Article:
Naturalism and its discontents

March 10th, 2017
by Chris

There is a story I’ve heard used by preachers (source unknown) which goes like this:-

A very religious man was once caught in rising floodwaters. He climbed onto the roof of his house and trusted God to rescue him. A neighbour came by in a canoe and said, “The waters will soon be above your house. Hop in and we’ll paddle to safety.”

“No thanks” replied the religious man. “I’ve prayed to God and I’m sure he will save me”

A short time later the police came by in a boat. “The waters will soon be above your house. Hop in and we’ll take you to safety.”

“No thanks” replied the religious man. “I’ve prayed to God and I’m sure he will save me”

A little time later a rescue services helicopter hovered overhead, let down a rope ladder and said. “The waters will soon be above your house. Climb the ladder and we’ll fly you to safety.”

“No thanks” replied the religious man. “I’ve prayed to God and I’m sure he will save me”

All this time the floodwaters continued to rise, until soon they reached above the roof and the religious man drowned. When he arrived at heaven he demanded an audience with God. Ushered into God’s throne room he said, “Lord, why am I here in heaven? I prayed for you to save me, I trusted you to save me from that flood.”

“Yes you did my child” replied the Lord. “And I sent you a canoe, a boat and a helicopter. But you never got in.”

Most preachers go on to say that we should always look for the hand of God in things which seem to happen naturally. But I suspect a subtext. The overwhelming majority of the people sitting in the pews, whatever they say about belief in divine providence, will be methodological naturalists, i.e. they put their trust in natural, not supernatural, causes and effects and will assume that there’s a natural explanation for everything – and this story is also telling them that they’re not being stupid doing that. Indeed, it’s probably telling them that louder than it’s telling them to look for the hand of God in a guy with a canoe.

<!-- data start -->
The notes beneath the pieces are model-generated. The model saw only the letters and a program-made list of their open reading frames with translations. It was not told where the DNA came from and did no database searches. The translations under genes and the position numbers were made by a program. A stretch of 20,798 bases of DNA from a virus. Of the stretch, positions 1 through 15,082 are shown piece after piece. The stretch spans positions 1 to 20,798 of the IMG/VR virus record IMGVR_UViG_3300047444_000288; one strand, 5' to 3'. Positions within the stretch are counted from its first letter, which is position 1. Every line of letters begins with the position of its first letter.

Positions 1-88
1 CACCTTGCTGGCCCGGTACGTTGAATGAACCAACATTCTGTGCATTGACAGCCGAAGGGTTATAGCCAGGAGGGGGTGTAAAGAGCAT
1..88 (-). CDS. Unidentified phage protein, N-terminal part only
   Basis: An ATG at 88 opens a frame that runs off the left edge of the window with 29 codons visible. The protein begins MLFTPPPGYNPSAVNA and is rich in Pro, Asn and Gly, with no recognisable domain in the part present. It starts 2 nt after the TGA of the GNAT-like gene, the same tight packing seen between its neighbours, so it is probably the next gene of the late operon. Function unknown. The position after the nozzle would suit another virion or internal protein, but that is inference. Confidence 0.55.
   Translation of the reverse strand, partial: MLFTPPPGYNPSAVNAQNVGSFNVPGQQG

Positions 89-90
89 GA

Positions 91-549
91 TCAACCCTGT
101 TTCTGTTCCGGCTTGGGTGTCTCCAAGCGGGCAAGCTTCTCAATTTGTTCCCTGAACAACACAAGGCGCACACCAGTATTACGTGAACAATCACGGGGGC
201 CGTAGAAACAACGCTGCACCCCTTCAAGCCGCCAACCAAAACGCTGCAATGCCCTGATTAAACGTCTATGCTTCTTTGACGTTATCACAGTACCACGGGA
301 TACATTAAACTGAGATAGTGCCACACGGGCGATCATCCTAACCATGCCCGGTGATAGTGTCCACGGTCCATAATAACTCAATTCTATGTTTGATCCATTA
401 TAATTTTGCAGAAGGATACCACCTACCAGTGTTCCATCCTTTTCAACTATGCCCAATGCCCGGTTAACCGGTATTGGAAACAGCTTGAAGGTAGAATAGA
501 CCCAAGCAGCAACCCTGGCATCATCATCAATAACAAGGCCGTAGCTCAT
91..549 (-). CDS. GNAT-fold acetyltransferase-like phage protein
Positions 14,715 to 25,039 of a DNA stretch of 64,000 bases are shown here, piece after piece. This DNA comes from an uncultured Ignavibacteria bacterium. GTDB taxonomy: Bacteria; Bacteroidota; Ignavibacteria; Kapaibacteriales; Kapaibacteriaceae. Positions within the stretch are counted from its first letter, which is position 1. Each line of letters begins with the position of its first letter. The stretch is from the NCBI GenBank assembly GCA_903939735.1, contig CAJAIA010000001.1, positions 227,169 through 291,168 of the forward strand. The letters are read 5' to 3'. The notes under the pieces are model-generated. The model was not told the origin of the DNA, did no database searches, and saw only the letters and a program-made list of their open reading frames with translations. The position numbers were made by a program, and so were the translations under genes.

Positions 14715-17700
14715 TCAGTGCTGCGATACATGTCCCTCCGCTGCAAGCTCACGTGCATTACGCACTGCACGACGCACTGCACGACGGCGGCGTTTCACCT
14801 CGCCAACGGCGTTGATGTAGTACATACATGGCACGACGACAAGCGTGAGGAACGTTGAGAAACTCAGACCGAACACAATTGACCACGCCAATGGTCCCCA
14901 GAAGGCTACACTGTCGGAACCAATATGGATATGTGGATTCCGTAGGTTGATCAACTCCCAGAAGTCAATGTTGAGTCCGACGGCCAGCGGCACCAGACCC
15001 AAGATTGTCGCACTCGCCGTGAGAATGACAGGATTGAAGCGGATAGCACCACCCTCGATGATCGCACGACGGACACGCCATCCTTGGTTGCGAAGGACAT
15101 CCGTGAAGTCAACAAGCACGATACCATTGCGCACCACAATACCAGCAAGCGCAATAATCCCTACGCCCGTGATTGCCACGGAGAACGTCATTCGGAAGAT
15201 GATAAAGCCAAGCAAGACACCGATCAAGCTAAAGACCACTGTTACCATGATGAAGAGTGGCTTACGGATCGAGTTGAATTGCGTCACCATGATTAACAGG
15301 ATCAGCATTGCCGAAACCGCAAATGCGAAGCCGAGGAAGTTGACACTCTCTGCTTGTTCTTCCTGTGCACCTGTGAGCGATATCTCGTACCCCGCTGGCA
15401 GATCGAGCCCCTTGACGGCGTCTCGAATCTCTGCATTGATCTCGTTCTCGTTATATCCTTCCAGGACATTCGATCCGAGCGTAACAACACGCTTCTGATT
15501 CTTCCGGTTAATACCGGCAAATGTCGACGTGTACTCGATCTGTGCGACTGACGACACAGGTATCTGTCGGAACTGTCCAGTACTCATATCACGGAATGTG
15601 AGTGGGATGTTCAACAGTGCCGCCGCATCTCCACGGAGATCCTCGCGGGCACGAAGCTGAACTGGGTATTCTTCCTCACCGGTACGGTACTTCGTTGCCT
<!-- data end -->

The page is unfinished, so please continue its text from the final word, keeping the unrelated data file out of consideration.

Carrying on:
I am most definitely a methodological naturalist. How could I be anything else? I have a science degree and actually do a bit of research part time, I spent over 25 years as a practising lawyer, and in my teens I used to love stage magic, because I was forever trying to work out the mechanics of magic tricks (sometimes with success) and try some of them out on my friends (and I assumed that any report of the supernatural was someone doing a “magic trick”). By the age of about 9, I was an atheist – indeed, I was an evangelical atheist, thinking that people needed to be rid of their ridiculous attachment to supernatural explanations (which was something of a burden to my preacher father…).

That, for the philosophically minded, meant that I was also at that point an ontological naturalist, i.e. I thought that all that there was consisted of natural causes and effects. Another way of putting it was that I was a scientific rationalist materialist; material was all there was.

So, what am I doing hanging around most Sunday mornings and at some other times during the average week with a group who believe (at least ostensibly) in miracles, including resurrection, walking on water and creating food out of thin air? Surely the cognitive dissonance is too much?